Enneapterygius bahasa facts for kids
Quick facts for kidsEnneapterygius bahasa
Enneapterygius bahasa, blacktail triplefin, also known as the blacktail threefin in Australia, is a species of threefin blenny in the genus Enneapterygius. It was described by German ichthyologist Ronald Fricke in 1997, and earns its common name from its black caudal fins. It is known from reefs in the western Pacific Ocean.
The blacktail triplefin was described by Ronald Fricke in 1997, from a male holotype (USNM 259168) collected from Queensland, Australia, and 77 paratype specimens from its other known locale. He gave it the species name bahasa, referring to the official Indonesian language, often called "Bahasa Indonesia".
Male blacktail triplefins can reach a maximum length of 3.2 centimetres (1.3 in). Fricke described the blacktail triplefin as being a medium-sized member of the "Enneapterygius hemimelas" species group, being most closely related to the Australian Clea's triplefin (E. clea) and the Redtail triplefin (E. rubicauda) from the western Pacific. The bodies of the blennies are predominantly reddish in colour, with white spots on the bodies and white streaks around the eyes; the males have blackish faces and tails (from which the common name is derived), a trait which is not shared with the females. On average, the females have stouter bodies, shorter snouts and higher vertical fins than the males.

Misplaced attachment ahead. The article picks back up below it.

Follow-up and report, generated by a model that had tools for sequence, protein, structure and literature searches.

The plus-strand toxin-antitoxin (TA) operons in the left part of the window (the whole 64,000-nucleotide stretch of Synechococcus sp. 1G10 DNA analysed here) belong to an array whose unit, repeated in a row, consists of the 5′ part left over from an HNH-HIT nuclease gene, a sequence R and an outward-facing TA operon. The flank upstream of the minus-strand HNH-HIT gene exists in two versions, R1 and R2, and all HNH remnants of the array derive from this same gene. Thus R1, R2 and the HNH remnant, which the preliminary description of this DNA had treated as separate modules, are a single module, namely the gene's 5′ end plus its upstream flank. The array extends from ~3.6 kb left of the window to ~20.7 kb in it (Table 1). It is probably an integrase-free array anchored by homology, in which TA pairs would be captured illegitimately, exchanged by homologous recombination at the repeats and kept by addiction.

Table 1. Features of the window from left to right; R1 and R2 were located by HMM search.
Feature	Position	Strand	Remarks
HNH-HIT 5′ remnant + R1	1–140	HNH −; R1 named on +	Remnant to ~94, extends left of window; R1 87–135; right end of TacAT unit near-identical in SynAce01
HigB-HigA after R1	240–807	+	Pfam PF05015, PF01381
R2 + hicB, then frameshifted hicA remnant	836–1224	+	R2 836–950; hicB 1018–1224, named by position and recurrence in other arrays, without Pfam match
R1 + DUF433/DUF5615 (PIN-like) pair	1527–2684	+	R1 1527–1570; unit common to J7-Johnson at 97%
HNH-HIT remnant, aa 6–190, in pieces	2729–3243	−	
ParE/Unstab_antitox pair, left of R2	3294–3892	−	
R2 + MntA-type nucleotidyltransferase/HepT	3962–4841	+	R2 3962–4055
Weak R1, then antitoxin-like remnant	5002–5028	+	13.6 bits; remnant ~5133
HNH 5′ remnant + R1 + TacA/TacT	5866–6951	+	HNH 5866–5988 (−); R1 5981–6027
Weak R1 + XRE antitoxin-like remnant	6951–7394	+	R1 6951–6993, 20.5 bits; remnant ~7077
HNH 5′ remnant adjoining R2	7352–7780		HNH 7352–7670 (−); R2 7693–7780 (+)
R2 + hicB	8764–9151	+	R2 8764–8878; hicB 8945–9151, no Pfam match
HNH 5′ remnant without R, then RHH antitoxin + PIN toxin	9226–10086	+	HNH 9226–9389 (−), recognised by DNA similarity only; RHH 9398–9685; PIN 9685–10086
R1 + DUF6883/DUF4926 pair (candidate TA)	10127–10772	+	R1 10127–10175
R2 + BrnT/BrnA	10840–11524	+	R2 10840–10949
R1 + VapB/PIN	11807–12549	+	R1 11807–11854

It is a tropical blenny found mainly in the flats and crests of reefs in the western Pacific Ocean, and swims at depths ranging from 0–18 metres (0–59 ft). It has been recorded from Japan, Taiwan, Indonesia, the Philippines, Papua New Guinea, Guam, Palau, and Australia.
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